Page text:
In lieu of an abstract, here is a brief excerpt of the content:

  • Heart Sounds
  • Lee Martin (bio)

Artery Occlusion

I’m sitting at the breakfast table reading the newspaper when my vision closes in at the edges for an instant and then clears. It’s a Sunday morning in late September, and I’ve just come up from lifting weights in the basement. I try to move my right arm and find I can’t. It’s dead weight, as is my right leg. I try to call for my wife, who’s in the kitchen, but I can’t form the words I want to say. I’m nine days away from my fifty-seventh birthday, and, when I got out of bed this morning, I thought I was in perfect health.

Brain Bleed

At the emergency room, the neurologist says he’d like my permission to give me the tPA (tissue plasminogen activator), the clot-busting medicine that has to be started within three hours of the first symptoms of a stroke. He wants me to understand there’s a three percent chance that the tPA will cause a bleed in the brain. Still, this is my best chance for recovery. I offer my approval by raising my left arm and giving the neurologist a thumb’s up. The IV drip of tPA begins. I don’t know, [End Page 31] then, that statistically the odds are still against me. tPA only cures one out of ten stroke patients.

Cerebral Infarction

Also known as an ischemic stroke, it results when there’s a disturbance in the blood vessels of the brain. After my CT scan, my neurologist tells me he suspects a piece of plaque has come unhinged in my brain and is blocking a blood vessel. He tells me that as the tPA does its work, this piece of plaque may flip around, causing momentary periods of recovery and relapse as I regain and lose again the use of the right side of my body and my ability to speak.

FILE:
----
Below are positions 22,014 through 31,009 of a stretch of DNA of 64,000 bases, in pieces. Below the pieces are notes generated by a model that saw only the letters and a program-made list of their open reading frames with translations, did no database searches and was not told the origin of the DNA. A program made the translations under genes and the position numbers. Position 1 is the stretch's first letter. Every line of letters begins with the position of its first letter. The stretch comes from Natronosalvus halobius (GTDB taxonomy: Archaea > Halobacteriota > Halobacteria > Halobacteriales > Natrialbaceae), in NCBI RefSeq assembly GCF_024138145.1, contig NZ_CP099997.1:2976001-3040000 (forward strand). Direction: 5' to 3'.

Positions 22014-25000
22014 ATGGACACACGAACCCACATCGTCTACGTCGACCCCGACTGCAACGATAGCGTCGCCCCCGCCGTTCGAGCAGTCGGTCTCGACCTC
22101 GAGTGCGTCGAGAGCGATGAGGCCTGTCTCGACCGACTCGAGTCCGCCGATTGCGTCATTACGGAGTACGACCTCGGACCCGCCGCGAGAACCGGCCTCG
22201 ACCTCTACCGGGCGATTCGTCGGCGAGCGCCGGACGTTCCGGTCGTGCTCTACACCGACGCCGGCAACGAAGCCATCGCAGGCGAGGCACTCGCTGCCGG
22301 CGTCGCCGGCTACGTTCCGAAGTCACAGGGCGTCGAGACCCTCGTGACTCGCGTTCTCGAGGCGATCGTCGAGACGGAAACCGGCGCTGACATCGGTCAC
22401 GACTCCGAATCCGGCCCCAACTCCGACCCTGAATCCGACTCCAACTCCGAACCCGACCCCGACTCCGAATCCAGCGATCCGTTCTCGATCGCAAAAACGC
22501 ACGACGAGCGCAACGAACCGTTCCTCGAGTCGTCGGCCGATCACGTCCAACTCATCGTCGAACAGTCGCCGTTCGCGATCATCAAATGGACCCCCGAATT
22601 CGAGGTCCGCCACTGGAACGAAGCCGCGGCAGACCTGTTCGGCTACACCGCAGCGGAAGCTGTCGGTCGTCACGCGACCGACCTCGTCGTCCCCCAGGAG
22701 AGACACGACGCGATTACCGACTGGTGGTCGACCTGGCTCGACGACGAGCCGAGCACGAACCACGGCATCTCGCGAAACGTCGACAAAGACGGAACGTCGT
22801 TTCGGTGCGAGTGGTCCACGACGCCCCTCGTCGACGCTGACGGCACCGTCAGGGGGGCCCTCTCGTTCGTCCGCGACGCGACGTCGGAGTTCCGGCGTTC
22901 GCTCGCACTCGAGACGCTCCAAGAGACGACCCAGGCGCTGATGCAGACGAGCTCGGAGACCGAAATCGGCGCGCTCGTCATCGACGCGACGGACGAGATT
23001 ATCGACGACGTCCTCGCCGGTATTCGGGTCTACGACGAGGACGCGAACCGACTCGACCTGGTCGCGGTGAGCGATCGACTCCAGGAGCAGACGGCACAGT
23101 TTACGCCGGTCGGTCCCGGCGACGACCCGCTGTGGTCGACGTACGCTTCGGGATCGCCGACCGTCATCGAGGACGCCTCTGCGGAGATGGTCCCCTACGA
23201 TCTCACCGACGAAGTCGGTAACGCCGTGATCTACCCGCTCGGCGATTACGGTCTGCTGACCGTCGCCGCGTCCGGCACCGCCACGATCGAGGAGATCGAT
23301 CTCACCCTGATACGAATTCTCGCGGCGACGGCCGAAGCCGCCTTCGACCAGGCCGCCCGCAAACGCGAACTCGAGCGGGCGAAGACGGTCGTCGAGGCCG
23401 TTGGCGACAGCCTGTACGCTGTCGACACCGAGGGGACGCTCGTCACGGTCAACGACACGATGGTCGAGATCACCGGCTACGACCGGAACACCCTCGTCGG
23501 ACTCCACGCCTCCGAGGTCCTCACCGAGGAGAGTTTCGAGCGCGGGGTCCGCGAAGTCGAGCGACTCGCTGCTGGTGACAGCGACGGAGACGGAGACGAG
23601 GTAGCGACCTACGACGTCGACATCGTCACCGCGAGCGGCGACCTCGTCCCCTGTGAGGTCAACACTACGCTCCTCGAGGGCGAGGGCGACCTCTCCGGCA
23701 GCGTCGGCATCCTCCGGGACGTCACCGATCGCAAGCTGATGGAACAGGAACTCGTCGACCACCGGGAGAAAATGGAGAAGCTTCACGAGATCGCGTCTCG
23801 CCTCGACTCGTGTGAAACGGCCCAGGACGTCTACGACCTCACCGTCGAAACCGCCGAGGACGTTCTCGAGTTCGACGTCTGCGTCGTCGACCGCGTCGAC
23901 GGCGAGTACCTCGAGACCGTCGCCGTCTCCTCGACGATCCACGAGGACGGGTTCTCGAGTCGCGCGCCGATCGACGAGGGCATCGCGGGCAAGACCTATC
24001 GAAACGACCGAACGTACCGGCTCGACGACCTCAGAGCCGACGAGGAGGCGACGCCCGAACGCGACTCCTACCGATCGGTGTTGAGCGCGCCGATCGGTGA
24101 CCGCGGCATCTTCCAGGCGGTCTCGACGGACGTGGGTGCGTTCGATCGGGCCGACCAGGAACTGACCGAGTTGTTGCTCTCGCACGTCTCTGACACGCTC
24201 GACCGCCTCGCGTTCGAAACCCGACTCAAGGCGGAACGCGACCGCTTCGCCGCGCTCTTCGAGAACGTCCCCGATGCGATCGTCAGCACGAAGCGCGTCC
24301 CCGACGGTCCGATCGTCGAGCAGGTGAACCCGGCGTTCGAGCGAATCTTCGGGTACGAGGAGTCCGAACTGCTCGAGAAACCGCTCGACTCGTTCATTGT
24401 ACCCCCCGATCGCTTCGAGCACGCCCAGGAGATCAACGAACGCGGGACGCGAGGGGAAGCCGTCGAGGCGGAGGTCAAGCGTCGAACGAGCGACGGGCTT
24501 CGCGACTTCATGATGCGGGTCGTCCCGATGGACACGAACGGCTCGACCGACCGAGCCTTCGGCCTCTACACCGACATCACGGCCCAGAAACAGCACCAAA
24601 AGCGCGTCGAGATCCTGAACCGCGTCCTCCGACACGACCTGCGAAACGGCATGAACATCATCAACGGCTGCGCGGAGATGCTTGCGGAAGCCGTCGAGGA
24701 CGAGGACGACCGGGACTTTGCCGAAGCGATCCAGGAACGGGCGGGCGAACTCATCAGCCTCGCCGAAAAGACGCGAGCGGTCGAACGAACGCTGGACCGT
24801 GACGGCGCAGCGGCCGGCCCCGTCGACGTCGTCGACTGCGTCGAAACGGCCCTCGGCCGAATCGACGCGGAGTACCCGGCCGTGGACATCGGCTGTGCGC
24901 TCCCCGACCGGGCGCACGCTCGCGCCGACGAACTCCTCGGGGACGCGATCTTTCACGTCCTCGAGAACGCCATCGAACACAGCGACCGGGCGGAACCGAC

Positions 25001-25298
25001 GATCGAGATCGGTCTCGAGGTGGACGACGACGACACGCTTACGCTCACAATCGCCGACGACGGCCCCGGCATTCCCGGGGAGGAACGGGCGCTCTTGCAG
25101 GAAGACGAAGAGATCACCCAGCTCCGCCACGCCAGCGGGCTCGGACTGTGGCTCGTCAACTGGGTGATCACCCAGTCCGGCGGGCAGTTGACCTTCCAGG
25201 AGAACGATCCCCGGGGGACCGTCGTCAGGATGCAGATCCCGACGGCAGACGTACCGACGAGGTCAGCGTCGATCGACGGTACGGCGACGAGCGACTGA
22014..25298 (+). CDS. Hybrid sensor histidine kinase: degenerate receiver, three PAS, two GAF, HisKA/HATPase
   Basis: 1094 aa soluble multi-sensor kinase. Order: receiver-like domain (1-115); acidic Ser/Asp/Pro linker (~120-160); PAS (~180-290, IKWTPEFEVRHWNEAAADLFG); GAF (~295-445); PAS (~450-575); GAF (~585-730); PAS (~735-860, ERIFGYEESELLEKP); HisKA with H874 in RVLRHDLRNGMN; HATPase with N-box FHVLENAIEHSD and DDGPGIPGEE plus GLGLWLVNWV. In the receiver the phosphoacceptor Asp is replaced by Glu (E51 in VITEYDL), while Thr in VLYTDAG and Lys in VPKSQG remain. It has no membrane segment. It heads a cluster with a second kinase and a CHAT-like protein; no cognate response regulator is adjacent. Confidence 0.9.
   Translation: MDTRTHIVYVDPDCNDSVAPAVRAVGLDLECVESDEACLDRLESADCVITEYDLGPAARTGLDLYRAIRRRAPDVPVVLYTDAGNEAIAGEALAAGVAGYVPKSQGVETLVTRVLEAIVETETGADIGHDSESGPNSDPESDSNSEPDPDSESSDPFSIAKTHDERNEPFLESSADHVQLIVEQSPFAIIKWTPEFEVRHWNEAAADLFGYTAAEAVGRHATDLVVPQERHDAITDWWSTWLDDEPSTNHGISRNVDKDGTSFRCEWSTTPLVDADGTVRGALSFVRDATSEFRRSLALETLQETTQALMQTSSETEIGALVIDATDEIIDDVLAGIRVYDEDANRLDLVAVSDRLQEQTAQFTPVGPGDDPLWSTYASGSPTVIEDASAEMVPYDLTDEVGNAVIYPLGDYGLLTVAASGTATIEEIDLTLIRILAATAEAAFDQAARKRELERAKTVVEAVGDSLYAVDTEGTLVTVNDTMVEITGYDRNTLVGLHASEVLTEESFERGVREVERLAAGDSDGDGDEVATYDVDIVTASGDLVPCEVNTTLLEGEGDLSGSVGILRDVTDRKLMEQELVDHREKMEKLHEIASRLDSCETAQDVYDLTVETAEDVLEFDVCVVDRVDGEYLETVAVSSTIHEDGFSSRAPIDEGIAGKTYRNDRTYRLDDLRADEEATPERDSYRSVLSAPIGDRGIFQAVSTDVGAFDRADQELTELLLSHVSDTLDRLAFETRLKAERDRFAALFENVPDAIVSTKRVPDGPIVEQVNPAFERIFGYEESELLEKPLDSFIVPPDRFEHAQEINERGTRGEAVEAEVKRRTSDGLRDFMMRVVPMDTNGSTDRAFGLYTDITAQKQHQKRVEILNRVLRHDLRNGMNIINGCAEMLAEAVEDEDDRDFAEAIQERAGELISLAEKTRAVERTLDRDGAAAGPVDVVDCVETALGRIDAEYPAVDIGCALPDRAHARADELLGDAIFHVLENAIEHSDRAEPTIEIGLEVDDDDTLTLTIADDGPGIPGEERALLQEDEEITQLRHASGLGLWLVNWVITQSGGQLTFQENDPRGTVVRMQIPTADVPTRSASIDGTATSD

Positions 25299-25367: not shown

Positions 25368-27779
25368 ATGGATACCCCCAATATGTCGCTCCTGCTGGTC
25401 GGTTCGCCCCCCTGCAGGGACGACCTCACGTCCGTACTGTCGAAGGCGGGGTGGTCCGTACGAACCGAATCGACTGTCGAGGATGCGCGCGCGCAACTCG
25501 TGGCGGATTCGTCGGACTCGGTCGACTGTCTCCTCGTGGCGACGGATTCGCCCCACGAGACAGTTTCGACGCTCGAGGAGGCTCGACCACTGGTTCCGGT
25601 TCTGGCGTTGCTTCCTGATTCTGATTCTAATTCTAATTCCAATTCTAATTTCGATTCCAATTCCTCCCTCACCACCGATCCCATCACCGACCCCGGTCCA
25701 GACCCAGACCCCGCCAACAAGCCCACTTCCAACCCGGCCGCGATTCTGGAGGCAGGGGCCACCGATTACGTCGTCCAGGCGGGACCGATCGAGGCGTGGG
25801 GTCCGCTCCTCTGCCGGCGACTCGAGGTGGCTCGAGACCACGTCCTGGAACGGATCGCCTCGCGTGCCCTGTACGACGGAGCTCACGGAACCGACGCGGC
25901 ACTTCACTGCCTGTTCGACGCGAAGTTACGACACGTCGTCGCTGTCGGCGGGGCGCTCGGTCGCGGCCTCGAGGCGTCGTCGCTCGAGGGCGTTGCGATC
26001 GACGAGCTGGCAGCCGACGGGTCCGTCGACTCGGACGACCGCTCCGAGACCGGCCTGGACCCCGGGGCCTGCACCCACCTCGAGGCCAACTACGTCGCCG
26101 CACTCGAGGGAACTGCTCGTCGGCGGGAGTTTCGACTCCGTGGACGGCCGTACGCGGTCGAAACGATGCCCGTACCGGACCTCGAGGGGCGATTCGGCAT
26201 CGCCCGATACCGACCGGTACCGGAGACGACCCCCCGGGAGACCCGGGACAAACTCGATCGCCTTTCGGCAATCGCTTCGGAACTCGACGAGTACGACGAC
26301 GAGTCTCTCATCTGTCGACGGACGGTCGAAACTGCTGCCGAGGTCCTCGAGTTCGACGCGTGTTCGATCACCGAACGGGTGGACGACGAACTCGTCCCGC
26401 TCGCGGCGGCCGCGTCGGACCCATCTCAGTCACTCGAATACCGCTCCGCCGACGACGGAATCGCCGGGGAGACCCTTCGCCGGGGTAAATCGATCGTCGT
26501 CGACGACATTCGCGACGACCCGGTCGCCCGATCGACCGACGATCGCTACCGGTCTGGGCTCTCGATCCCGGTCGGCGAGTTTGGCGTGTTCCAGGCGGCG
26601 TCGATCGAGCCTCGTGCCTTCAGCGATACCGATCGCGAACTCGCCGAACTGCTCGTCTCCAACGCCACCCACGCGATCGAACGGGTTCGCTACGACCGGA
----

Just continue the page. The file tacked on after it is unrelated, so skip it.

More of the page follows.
Hemorrhagic stroke—bleeding in the brain—is less common but more frequently deadly than ischemic stroke.


I get lucky. The tPA works its magic and by evening I’m able to lift my right arm, able to stand, my right leg steady. My speech is back to normal.

The next morning, my neurologist comes into my room in the Neuro ICU, and I greet him with a wave of my right arm.

He says, “Well, that looks much better today.” Then he admits that he was very concerned about me. “Now,” he says, “it looks like you’re on the mend.”

The problem is he doesn’t know what caused my stroke. He does know, though, that it wasn’t a piece of plaque as he originally thought. It was a blood clot that somehow moved to my brain. But how? It will be a day of tests, he says.

A while later, I lie in my hospital bed as a technician moves a transducer around my chest. The transducer sends out high-pitched sound waves and records the echoes they make as they bounce off the internal structures of my heart. A computer converts the echoes into moving images on a monitor I can’t see. The sound waves bounce off blood [End Page 32] cells, and, when they do, their pitch changes. I listen to the swoosh and swirl, the thud and thump. The computer colorizes these Doppler signals and gives an image of the direction and velocity of my blood flow. That’s how I find out that I have what the doctors suspect is a hole between the atria of my heart.

Foramen Ovale

“A PFO,” my cardiologist tells me. “A patent foramen ovale.” During fetal development, a hole in the septum between the atria of our hearts allows blood to move from the right atrium into the left. Since our lungs are nonfunctional when we’re in the womb, we don’t need the blood to pass through them. We get our oxygen from the placenta. The opening between the atria, the foramen ovale, is crucial then to our well-being in the womb. We have a layer of tissue that acts...